DID YOU READ

Interview: Wayne Wang on “A Thousand Years of Good Prayers”

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09182008_thousandyears1.jpgBy Aaron Hillis

Since the ’90s, Hong Kong-born filmmaker Wayne Wang has directed large-scale Hollywood productions like “The Joy Luck Club” and “Maid in Manhattan,” though his richest films have really been his smaller projects, like “Smoke” and its companion work, “Blue in the Face.” Going back to the earliest days of his career, Wang was at his most personal and independent with films like 1982’s “Chan is Missing” and 1985’s “Dim Sum: A Little Bit of Heart,” and it’s these stories of the immigrant experience that Wang felt obliged to return to, having moved to America as a teenager.

Winner of four awards at the San Sebastián Film Festival, including best film, Wang’s distinctly modest delight “A Thousand Years of Good Prayers” is the first of his two films adapted by author Yiyun Li from her own collection of Chinese-American-themed stories. (The second is “The Princess of Nebraska,” which arrives for free on YouTube in October.) In “A Thousand Years,” the wonderful Henry O. stars as Mr. Shi, an aging widower who travels to the U.S. in hopes of repairing his divorced daughter’s life. His intentions are admirable, but being raised in a different generation and culture, he doesn’t realize how intrusive he is to her, even as he begins to warmly befriend and explore the curiosities of small-town America around him. I spoke with Wang back in July, before it was announced that Magnolia would be debuting “A Thousand Years” in theaters and “Princess” online.

What led to you collaborating on back-to-back films with Yiyun Li?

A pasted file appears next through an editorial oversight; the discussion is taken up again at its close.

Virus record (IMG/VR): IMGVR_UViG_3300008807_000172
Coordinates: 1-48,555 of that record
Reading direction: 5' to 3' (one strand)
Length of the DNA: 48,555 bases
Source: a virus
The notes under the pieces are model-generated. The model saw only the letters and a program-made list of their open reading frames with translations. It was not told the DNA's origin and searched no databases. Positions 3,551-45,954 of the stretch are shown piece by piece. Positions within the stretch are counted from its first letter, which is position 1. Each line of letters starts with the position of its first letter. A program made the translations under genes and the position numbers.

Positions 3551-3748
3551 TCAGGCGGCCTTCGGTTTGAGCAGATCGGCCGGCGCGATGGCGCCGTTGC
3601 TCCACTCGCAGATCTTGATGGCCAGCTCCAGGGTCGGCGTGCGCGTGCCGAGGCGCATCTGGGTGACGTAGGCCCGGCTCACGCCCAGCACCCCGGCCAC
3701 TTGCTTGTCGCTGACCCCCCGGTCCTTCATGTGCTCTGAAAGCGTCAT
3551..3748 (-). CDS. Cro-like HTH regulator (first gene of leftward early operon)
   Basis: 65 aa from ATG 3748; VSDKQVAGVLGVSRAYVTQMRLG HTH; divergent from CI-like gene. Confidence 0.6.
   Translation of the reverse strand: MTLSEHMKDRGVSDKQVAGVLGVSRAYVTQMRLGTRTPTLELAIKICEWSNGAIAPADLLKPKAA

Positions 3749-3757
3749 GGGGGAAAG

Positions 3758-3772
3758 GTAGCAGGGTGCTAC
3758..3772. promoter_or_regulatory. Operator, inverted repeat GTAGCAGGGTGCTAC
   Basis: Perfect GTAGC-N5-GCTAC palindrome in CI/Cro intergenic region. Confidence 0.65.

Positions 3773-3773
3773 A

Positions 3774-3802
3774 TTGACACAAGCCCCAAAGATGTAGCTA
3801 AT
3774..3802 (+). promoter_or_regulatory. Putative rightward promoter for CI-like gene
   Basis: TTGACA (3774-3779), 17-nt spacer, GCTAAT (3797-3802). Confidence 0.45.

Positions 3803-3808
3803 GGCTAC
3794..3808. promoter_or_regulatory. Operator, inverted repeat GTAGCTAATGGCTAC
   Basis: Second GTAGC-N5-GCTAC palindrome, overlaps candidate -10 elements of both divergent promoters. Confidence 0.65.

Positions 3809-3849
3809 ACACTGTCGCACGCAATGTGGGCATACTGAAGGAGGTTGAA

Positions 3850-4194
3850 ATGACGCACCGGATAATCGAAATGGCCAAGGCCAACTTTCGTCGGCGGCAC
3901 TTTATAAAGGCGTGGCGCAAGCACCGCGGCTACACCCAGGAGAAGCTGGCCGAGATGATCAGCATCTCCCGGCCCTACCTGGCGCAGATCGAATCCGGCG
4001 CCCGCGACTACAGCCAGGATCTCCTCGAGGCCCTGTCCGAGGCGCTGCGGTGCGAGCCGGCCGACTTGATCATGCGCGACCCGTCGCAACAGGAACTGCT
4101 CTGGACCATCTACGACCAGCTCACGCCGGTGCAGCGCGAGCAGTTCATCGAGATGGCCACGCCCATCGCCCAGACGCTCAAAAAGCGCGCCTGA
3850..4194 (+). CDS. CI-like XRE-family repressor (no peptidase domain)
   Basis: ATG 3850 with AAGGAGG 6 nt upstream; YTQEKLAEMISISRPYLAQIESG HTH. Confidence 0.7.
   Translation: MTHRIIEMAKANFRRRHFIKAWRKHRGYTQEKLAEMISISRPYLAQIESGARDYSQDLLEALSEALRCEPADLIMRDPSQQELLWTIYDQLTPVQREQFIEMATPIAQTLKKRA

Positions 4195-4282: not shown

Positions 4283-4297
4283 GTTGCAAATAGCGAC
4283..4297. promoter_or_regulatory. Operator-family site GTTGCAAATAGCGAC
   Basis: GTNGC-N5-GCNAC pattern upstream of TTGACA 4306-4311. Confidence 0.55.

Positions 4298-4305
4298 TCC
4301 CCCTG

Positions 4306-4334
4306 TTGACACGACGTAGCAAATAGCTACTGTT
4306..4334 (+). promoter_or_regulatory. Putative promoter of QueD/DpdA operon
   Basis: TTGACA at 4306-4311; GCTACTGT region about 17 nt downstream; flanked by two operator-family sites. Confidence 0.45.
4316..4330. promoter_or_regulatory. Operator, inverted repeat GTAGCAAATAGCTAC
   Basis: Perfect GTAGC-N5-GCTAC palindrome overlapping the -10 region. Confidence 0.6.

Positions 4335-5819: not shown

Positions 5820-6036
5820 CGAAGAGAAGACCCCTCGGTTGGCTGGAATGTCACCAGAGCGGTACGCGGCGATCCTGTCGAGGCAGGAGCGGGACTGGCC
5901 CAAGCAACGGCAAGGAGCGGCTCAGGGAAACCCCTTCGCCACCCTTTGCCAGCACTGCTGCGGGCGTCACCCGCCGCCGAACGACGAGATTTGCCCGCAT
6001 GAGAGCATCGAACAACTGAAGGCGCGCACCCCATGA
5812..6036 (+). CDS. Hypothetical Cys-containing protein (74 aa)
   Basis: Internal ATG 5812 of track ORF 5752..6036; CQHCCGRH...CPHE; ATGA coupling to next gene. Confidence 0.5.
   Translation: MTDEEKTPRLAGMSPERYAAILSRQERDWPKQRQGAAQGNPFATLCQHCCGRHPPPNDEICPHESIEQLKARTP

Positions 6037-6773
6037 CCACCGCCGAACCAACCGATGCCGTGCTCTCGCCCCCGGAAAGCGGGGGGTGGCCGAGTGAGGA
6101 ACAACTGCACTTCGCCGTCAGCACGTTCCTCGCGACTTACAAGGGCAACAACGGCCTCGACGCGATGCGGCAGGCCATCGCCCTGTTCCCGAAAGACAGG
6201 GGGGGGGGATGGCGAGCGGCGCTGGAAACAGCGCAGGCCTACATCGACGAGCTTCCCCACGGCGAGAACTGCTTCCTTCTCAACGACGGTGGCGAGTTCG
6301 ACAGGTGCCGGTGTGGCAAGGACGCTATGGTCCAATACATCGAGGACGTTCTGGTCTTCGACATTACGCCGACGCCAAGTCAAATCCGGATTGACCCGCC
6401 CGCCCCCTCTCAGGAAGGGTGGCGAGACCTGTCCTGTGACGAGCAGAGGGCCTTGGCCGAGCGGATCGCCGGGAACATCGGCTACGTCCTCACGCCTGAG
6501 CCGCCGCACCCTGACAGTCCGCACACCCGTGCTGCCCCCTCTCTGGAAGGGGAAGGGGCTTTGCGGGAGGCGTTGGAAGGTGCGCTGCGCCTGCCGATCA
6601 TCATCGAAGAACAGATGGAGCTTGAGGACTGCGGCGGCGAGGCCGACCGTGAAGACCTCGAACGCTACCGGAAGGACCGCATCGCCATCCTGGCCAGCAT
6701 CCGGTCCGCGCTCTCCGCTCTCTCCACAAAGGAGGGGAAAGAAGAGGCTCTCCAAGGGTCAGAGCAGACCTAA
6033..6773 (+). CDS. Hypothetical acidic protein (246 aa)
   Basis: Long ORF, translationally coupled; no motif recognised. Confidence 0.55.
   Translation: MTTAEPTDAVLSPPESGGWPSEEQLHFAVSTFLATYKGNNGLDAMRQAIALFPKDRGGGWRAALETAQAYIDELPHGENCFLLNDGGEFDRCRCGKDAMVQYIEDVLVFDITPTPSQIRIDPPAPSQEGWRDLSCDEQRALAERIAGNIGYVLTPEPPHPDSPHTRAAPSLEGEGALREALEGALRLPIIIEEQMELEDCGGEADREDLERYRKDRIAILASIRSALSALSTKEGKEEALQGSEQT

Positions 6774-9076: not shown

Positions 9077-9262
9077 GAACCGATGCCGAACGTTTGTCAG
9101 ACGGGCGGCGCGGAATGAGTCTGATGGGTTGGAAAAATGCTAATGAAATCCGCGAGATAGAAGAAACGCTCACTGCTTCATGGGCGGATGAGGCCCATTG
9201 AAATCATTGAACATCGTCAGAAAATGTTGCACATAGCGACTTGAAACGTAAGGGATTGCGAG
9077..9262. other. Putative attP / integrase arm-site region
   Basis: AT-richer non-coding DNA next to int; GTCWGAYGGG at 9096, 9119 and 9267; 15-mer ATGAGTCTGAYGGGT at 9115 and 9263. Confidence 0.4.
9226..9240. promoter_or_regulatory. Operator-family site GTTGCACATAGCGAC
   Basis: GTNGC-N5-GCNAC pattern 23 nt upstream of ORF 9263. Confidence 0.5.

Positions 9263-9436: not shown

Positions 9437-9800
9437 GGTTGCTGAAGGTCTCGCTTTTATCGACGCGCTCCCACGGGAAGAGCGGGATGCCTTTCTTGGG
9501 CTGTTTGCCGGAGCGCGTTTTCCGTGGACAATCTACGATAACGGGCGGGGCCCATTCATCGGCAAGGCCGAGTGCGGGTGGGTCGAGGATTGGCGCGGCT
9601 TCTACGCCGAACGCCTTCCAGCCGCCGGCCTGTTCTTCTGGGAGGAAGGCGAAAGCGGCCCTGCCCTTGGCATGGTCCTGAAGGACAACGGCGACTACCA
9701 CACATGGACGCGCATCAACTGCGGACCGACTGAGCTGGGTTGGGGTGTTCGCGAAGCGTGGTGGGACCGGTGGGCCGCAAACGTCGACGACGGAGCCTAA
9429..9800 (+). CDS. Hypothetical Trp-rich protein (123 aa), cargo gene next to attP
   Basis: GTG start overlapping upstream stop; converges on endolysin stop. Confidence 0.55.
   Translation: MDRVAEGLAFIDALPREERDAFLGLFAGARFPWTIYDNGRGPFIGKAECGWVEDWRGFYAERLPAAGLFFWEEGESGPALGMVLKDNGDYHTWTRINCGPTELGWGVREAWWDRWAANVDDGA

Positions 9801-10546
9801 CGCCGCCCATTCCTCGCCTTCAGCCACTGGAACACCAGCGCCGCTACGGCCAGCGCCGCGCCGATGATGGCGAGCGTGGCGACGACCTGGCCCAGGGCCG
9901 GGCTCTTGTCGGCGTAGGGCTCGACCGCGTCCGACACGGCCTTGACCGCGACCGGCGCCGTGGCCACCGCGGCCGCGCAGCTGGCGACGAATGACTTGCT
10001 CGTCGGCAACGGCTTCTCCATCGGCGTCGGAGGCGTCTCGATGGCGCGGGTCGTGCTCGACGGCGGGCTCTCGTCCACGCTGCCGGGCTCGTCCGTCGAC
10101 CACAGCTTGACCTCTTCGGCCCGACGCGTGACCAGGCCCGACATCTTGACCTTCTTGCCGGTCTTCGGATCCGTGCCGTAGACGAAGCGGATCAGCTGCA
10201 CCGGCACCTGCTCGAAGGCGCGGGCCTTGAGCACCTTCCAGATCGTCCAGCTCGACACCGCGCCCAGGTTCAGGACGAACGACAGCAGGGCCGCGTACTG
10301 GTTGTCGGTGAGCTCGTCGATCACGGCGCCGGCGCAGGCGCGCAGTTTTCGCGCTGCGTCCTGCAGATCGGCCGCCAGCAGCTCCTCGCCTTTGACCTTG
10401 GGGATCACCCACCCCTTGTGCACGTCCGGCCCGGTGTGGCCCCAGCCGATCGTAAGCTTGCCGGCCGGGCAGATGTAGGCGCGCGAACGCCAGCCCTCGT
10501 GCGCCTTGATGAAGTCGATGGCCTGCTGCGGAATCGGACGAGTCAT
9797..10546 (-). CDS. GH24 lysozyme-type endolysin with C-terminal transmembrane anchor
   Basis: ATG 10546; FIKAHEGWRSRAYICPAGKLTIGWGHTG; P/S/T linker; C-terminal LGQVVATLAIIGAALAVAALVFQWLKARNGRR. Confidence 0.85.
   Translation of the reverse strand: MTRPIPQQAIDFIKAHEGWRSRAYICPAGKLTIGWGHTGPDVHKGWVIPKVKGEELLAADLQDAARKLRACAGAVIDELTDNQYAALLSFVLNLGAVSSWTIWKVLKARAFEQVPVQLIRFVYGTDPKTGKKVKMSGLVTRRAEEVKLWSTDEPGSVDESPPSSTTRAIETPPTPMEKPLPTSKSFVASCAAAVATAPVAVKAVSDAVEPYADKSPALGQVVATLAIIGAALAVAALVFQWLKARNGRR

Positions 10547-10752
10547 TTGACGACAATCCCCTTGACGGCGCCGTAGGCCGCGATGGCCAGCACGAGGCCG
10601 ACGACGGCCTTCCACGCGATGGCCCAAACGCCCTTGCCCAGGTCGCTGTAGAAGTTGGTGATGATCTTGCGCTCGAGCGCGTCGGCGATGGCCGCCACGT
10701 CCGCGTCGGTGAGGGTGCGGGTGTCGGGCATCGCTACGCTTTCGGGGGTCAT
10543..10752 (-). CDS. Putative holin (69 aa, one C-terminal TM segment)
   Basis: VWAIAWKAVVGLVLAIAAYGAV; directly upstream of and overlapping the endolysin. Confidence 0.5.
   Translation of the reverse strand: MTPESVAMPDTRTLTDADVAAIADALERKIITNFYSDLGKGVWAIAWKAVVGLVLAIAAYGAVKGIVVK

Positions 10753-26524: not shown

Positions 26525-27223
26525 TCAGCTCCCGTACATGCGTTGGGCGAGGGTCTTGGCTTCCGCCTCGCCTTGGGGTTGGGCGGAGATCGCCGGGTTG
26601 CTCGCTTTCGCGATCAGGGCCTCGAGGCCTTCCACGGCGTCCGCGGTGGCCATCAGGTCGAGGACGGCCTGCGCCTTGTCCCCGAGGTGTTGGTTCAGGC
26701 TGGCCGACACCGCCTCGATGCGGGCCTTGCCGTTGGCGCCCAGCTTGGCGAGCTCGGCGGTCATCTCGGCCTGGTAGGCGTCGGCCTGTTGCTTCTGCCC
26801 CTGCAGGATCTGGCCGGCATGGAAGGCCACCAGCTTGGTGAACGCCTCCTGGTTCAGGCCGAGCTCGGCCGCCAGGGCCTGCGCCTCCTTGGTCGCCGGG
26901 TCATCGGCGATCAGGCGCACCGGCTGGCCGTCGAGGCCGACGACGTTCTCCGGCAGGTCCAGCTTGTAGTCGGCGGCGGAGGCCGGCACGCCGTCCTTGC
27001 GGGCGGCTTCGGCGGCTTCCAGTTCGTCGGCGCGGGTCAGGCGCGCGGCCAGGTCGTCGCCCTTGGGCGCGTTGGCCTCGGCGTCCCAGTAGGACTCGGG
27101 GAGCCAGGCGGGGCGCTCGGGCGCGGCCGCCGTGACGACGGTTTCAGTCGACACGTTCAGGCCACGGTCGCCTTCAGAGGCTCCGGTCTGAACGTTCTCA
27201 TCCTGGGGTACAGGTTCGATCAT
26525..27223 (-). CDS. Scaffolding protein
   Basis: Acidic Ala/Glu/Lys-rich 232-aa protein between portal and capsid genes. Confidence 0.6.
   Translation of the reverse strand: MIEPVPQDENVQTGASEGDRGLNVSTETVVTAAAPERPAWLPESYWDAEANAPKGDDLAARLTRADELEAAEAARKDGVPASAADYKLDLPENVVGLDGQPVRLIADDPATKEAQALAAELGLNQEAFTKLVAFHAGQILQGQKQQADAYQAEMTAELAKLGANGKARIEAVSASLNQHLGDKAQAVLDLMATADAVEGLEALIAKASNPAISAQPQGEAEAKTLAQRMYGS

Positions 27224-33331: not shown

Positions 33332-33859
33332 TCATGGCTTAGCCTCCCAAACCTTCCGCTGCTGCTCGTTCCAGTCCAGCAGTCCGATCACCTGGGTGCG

Well, they’re both short stories from the collection called “A Thousand Years of Good Prayers.” I had a lot of younger Chinese women working on the film as assistants and what-not, and I became more obsessed at the same time with “Princess of Nebraska,” which is about someone in their twenties — a completely different type of story, yet thematically linked. By the time I finished “A Thousand Years,” I had some money left in the budget, and I asked the investors, “Can I make ‘Princess of Nebraska?’ We’ll do it kind of down and dirty, a little bit like ‘Blue in the Face.'” So we did two films that are basically sister films. In France, where I just came back from doing press, they’re showing the two films together. “A Thousand Years” is about a woman who is trying to run away from her past because of the Cultural Revolution, and what her father went through. And “The Princess of Nebraska” is about a woman who doesn’t have a past, who doesn’t really have a history, and is trying to find herself everywhere. So they are kind of a diptych.

09182008_thousandyears2.jpgWas “The Princess of Nebraska” shot as quickly as “Blue in the Face,” which you did in just six days, if I’m not mistaken?

Yeah. It’s not as improvised as “Blue in the Face,” but is the same kind of guerilla-style filmmaking. We had a script, we did some rehearsals, and it was all non-professional actors. We shot it with no permits, with a small HD camera — very small, one of those consumer ones. It was done very much on the fly.

Why did you decide now in your career to go back to making smaller films?